- TELCOM 2924 in Telecom Administration
- TELCOM 2925 in Telecom Economics & Policy
- TELCOM 2926 in Human Communications
- TELCOM 2927 in Wireless Networks
- TELCOM 2928 in Security
Special Topics – must have advisor’s permission
- TELCOM 2931 in Networking
- TELCOM 2932 in Communication Systems
- TELCOM 2933 in Computer Communications
- TELCOM 2934 in Telecom Administration
- TELCOM 2935 in Telecom Economics & Policy
- TELCOM 2936 in Human Communications
- TELCOM 2937 in Wireless Communications
- TELCOM 2938 in Telecommunications Security
Practical Experience – must have advisor’s permission
- TELCOM 2940 Practicum
- TELCOM 2941 Master’s Thesis
- + Students in the Security Track can substitute TELCOM 2813 Security Management for Project Management
** Other electives may be chosen with permission of advisor. Students may take up to 6 credits of relevant graduate coursework offered by another accredited university
Students who wish to focus on one of our specializations are encouraged to take as many courses as possible in either one area of specialization or across more than one specialization area as part of the 21 credits of electives.
Telecommunications systems are built on an infrastructure, similar to that classically used for telephony. In this specialization, you will investigate the physical technologies (copper and fiber) used for information transmission, the enabling transmission processes (such as multiplexing, synchronization, and noise filtering), and the systems that provide telephony (classic circuit switched and VOIP).
Computer networking enables efficient communication and information sharing to take place among widely dispersed participants. The recent emergence of the global Internet — and the availability of ever cheaper, more powerful computation and communication devices — is paving the way for a new generation of ubiquitous and pervasive networks.
In this specialization, you will explore a variety of problems encountered in designing computer networks and learn common techniques to solve these problems. Courses are designed to equip graduates with the knowledge and skills required to contribute to the field of data communication and networking. The focus is on network models and architectures, protocol design and implementation, resource management, quality of service support, and security. You will acquire a solid conceptual and practical understanding of how computer network technologies operate and the ability to analyze the benefits and limitations of current and future technologies. You will also gain valuable insights into the design, management, and security of computer networks, and have the opportunity to take additional electives from the Department of Computer Science.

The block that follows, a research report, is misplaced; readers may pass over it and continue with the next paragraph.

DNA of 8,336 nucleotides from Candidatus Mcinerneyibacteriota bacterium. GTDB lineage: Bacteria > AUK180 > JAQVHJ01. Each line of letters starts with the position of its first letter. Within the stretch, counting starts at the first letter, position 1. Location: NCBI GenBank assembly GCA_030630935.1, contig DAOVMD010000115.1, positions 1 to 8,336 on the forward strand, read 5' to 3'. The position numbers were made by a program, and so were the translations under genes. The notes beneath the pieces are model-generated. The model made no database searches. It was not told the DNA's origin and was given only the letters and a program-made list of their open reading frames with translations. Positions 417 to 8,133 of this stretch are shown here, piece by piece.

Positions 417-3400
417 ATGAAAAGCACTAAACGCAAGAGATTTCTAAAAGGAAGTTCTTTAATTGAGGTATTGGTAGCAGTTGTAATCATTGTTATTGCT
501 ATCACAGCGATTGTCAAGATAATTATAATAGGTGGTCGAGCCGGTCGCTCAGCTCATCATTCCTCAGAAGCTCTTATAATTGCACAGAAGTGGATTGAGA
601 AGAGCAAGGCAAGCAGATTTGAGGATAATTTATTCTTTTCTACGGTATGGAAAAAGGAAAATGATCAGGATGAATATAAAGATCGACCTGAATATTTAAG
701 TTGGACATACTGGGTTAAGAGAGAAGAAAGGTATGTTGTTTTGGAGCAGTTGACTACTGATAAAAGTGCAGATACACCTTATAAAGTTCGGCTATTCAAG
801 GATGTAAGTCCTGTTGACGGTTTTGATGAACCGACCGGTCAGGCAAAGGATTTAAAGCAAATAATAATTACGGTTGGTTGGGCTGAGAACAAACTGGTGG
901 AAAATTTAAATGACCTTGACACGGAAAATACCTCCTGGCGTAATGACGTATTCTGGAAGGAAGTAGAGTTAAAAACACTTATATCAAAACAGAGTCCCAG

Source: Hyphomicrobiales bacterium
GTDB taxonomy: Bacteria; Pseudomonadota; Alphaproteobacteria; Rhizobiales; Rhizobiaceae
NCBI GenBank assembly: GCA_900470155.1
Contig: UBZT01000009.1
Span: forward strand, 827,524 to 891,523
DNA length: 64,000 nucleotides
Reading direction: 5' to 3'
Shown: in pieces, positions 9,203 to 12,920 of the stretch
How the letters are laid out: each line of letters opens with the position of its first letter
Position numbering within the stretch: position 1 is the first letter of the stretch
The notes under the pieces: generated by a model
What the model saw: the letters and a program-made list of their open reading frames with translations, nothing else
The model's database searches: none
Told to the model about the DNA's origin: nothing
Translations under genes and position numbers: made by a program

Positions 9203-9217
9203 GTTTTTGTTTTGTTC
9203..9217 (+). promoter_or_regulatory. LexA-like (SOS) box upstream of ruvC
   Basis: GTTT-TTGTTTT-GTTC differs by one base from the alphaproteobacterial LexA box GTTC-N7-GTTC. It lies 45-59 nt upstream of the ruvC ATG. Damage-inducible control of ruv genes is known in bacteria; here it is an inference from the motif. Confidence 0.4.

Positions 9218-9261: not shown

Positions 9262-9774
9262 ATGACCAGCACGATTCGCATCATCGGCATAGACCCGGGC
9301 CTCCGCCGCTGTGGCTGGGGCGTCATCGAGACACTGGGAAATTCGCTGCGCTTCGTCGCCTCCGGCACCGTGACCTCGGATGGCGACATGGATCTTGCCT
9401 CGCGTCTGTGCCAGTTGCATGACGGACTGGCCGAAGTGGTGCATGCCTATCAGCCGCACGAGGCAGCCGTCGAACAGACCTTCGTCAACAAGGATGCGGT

Policy and Management
Telecommunications systems exist in both social and organizational contexts. In this specialization, you will explore the relationships among telecommunications technologies, service providers, end users, and governmental entities. In telecommunications, industry structure and government regulation are closely tied to the details of technology, so it is important that students forging a career in this area have a thorough understanding of not only the technology, but also the historical and existing economic and political structures. You may take additional courses from the Katz Graduate School of Business or the Graduate School of Public and International Affairs.
Wireless systems have become a vital infrastructure in today’s society, and significant professional opportunities exist in this growing field. In this area, you will investigate the physical technology and enabling processes; the systems that provide cellular telephony, wireless LANs, and sensor networks; and mobile applications. You may select additional electives from the Department of Electrical and Computer Engineering.
Just as we safeguard data within computers, we must also ensure that the information flowing over networks is protected. In this specialization, you will investigate firewalls, encryption, fault tolerant network design, and other procedures for information assurance. Additional electives may be taken from both the Department of Computer Science and the Department of Mathematics.
If you choose not to specialize in one particular area, the general course of study will allow you to sample courses from each specialization in preparation for dealing with the constant changes in telecommunications technology. Your versatility as a generalist will enable you to handle challenges as they arise.
Statute of Limitations
The MST program must be completed within four years of the first term in which courses were taken after admission. The normal full-time course load is 9 to 12 credits per term; thus, a full-time student will complete the program in three or four terms. The normal part-time course load is 6 credits per term, which permits the part-time students to complete the program in six terms. Faculty must approve exceptions to the four-year limit if extenuating circumstances exist.
To maintain active student status, students must register for at least 3 credits during one of the three terms of the calendar year. It is recommended, however, that part-time students register for at least 6 credits during two of the three terms of the academic year to maintain reasonable progress through the program.
Contact: Shabana Reza, Recruitment and Admissions